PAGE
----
To obtain an Intact Permit, you must complete one application per animal in your household. The permit requires proof of current vaccinations from a licensed veterinarian, microchip, photo of your pet, a one-time application fee of $75 and an annual permit fee of $20. Each pet’s Intact Permit must be renewed annually.
Visit la-spca.org/intact to learn more about the Intact Permit and other Orleans Parish animal ordinances or call Louisiana SPCA humane law enforcement at (504) 368-5191, ext. 100.
- FREE MICROCHIPS: Pets that are spayed or neutered through Dec. 15 at the Louisiana SPCA Community Clinic can receive a free microchip at the time of surgery. The clinic is at 1700 Mardi Gras Blvd., New Orleans. To make an appointment, call (504) 363-1333. This promotion is available through grant funding and is available only to residents of Orleans Parish. For information, visit la-spca.org/communityclinic.
HOLIDAY PARTY: A Toasts and Tails and Jingle Bells party will be held from 6 p.m. to 8 p.m. Thursday, Dec. 4, at NO Fleas Market, 4228 Magazine St., New Orleans. There will be holiday libations, light hors d’oeuvres, treats for the pooches, a 50-50 raffle and holiday pet photos with Santa. Friendly, leashed pets are welcome. For information, visit nofleasmarketnola.com or la-spca.org or call (504) 324-4727.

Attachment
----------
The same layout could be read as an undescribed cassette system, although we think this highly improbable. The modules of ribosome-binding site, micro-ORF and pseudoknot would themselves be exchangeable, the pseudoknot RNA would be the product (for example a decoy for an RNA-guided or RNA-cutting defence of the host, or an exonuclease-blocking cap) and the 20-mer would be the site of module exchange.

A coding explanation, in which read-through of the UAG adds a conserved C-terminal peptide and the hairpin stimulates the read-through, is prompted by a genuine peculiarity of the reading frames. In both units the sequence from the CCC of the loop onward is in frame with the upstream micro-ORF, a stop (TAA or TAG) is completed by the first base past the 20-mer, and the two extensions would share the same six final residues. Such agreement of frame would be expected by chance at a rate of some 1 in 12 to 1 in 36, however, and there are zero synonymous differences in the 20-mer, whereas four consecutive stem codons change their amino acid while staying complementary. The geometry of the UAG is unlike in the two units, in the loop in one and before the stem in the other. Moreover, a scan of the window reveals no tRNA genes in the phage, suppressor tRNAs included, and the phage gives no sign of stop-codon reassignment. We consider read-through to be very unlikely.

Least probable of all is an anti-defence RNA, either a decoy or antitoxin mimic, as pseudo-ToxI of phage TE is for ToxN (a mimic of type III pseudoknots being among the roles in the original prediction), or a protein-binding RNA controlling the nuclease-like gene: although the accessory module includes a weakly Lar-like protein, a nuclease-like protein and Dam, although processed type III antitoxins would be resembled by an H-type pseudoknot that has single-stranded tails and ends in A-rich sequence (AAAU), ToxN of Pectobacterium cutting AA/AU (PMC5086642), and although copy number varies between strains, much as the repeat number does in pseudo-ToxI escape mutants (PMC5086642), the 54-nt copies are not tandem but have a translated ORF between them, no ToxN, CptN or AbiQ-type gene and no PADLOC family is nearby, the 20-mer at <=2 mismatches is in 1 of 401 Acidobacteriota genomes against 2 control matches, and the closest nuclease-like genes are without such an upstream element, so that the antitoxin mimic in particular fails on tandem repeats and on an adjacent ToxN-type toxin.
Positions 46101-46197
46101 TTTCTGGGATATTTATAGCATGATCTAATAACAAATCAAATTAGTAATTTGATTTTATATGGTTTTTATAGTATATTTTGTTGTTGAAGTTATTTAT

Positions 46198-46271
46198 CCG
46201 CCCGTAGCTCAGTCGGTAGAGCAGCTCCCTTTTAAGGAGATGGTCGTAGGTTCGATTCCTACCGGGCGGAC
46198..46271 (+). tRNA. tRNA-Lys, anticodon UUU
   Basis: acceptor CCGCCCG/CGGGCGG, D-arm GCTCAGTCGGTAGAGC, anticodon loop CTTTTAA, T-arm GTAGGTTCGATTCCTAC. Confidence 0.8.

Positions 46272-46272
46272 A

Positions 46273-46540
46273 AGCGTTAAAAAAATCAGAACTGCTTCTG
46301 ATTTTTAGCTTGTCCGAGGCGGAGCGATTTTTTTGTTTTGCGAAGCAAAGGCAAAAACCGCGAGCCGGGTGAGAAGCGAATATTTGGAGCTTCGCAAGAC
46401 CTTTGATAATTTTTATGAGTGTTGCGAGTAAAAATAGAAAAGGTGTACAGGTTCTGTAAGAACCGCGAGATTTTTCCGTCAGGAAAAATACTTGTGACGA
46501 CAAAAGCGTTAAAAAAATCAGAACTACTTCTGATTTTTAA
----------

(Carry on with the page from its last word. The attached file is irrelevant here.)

AMAZING ACRO-CATS: Samantha Martin and her Amazing Acro-Cats, based in Chicago, will present 17 performances of their Meowy Christmas show Dec. 5-21 at the Allways Theater, 1030 Marigny St., New Orleans. Performance times are 1 p.m., 4 p.m. and 7 p.m., varying by date. Tickets are $19 for adults and $16 for children 12 and under, with part of the proceeds going to the Jefferson SPCA. For information or to buy tickets, visit circuscats.com.
PET ADOPTION EVENT: The Jefferson SPCA will hold an adoption event from 11 a.m. to 3 p.m. Saturday, Dec. 6, at Petco, 3520 Veterans Memorial Blvd., Metairie.
PET ADOPTION EVENT: Louisiana SPCA will hold a Mutts on Magazine adoption event from 11 a.m. to 3 p.m. Saturday, Dec. 6, at various locations along Magazine Street in New Orleans. Louisiana SPCA adoption counselors and volunteers will be on hand to help families select the right pet. For information, call (504) 368-5191 or visit la-spca.org.
HOLIDAY PHOTOGRAPHY: Louisiana SPCA will be the beneficiary of a Mistletoe, Mutts and Meows holiday photography event 10 a.m. to 5 p.m. Saturday, Dec. 6, and 11 a.m. to 4 p.m. Sunday, Dec. 7, at Petcetera, 3205 Magazine St. $5 from each photo order will benefit the Louisiana SPCA. For information, call (504) 269-8711 or visit petceteranola.com or la-spca.org.
LOST OR FOUND PETS: In Orleans Parish, you can send a photo, description of your pet, date lost or found and your contact information to firstname.lastname@example.org. In Jefferson Parish, send to email@example.com and firstname.lastname@example.org, and in St. Bernard Parish, send to email@example.com.
Traci D. Howerton is social media editor for Animal Rescue New Orleans, a nonprofit, volunteer-based, no-kill shelter. Contact ARNO at firstname.lastname@example.org, animalrescueneworleans.org or call its recorded information line at (504) 571-1900.